I'm sorry to note that most of the good stuff didn't happen to those of us in the developed world — but the human world is indisputably in better shape overall in 2010 than it was in 2000. And what makes my neighbour happier without damaging me makes my world a better place.
Friday, December 31, 2010
WikiLeaks has brought to light a series of disturbing insinuations and startling truths in the last year, some earth-shattering, others simply confirmations of our darkest suspicions about the way the world works. Thanks to founder Julian Assange's legal situation in Sweden (and potentially the United States) as well as his media grandstanding, it is easy to forget how important and interesting some of WikiLeaks' revelations have been.
WikiLeaks revelations from 2010 have included simple gossip about world leaders: Russia's PM Vladimir Putin is playing Batman to President Dmitri Medvedev's Robin; Iranian President Mahmoud Ahmadinejad is crazy and was once slapped by a Revolutionary Guard chief for being so; Libya's Col. Muammar el-Qaddafi has a hankering for his voluptuous blond Ukrainian nurse; and France's President Nicholas Sarkozy simply can't take criticism.
However, WikiLeaks' revelations also have many major implications for world relations. The following is a list of the more impactful WikiLeaks revelations from 2010, grouped by region.
The United States
- The U.S. Army considered WikiLeaks a national security threat as early as 2008, according to documents obtained and posted by WikiLeaks in March, 2010.
- Then-Secretary of Defense Donald Rumsfeld and his top commanders repeatedly, knowingly lied to the American public about rising sectarian violence in Iraq beginning in 2006, according to the cross-referencing of WikiLeaks' leaked Iraq war documents and former Washington Post Baghdad Bureau Chief Ellen Knickmeyer's recollections.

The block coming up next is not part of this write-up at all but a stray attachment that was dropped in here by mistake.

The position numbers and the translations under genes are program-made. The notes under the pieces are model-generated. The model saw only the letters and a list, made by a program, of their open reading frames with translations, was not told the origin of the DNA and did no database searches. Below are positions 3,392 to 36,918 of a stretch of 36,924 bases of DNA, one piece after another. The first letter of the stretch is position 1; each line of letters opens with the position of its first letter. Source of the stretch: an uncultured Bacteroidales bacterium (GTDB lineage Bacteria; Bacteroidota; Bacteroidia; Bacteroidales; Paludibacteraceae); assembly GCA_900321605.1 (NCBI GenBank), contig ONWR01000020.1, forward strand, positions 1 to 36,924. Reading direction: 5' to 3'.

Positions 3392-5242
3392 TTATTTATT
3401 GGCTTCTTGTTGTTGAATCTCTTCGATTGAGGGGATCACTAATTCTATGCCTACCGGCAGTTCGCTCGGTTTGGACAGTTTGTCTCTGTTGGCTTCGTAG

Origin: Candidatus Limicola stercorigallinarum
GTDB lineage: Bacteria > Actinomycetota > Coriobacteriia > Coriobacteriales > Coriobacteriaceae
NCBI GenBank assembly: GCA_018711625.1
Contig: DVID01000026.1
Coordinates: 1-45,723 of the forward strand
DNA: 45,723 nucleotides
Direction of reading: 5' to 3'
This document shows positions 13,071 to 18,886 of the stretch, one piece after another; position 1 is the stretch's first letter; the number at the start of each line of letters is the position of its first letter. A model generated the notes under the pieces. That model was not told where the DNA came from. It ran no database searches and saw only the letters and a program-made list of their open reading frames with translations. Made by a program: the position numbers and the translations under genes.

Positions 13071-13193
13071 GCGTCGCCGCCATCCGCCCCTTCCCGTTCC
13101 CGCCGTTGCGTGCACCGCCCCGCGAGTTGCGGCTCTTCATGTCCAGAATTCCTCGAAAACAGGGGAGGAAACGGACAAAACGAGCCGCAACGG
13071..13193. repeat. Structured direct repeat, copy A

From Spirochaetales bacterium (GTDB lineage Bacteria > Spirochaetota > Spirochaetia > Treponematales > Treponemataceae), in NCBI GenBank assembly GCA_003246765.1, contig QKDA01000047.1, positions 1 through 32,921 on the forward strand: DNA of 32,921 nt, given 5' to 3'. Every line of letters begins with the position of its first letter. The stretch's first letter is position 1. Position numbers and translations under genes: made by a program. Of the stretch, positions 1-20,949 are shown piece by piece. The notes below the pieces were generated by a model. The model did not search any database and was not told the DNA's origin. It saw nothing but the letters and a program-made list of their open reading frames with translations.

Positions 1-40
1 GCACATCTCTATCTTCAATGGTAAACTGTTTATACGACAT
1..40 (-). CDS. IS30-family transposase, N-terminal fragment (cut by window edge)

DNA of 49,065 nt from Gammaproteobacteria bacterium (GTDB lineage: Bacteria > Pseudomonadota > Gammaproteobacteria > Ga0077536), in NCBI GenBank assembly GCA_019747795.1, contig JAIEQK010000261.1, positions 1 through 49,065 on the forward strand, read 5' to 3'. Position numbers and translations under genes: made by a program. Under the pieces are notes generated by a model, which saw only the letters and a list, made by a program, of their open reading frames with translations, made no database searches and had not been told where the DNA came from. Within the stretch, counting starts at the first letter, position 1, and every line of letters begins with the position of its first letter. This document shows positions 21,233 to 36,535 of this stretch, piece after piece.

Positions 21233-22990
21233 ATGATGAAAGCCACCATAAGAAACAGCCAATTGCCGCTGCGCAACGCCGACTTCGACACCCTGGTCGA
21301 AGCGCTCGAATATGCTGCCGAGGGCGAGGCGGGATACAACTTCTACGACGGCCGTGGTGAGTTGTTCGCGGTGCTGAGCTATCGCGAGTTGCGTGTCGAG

- The Secretary of State's office encouraged U.S. diplomats at the United Nations to spy on their counterparts, including collecting data about the U.N. secretary general, his team and foreign diplomats, including credit card account numbers, according to documents from WikiLeaks U.S. diplomatic cable release. Later cables reveal the CIA draws up an annual "wish-list" for the State Department, which one year included the instructions to spy on the U.N.
- The Obama administration worked with Republicans during his first few months in office to protect Bush administration officials facing a criminal investigation overseas for their involvement in establishing policies that some considered torture. A "confidential" April 17, 2009, cable sent from the US embassy in Madrid obtained by WikiLeaks details how the Obama administration, working with Republicans, leaned on Spain to derail this potential prosecution.
- WikiLeaks released a secret State Department cable that provided a list of sites around the world vital to U.S. national security, from mines in Africa to labs in Europe.
- A U.S. Army helicopter allegedly gunned down two journalists in Baghdad in 2007. WikiLeaks posted a 40-minute video on its website in April, showing the attack in gruesome detail, along with an audio recording of the pilots during the attack.
- Iran's military intervened aggressively in support of Shiite combatants in Iraq, offering weapons, training and sanctuary, according to an October, 2010, WikiLeaks release of thousands of secret documents related to the Iraq war.
- According to one tabulation, there have been 100,000 causalities, mostly civilian, in Iraq - greater than the numbers previously made public, many of them killed by American troops but most of them were killed by other Iraqis, according to the WikiLeaks Iraq documents dump.- U.S. authorities failed to investigate hundreds of reports of abuse, torture, rape and even murder by Iraqi police and soldiers whose conduct appears to be systematic and normally unpunished, according to the WikiLeaks Iraq documents dump.
- U.S. special-operations forces have targeted militants without trial in secret assassination missions, and many more Afghan civilians have been killed by accident than previously reported, according to the WikiLeaks Afghanistan war document dump.
- Afghan President Hamid Karzai freed suspected drug dealers because of their political connections, according to a secret diplomatic cable. The cable, which supports the multiple allegations of corruption within the Karzai government, said that despite repeated rebukes from U.S. officials in Kabul, the president and his attorney general authorized the release of detainees. Previous cables accused Karzai's half-brother, Ahmed Wali Karzai, of being a corrupt narcotics trafficker.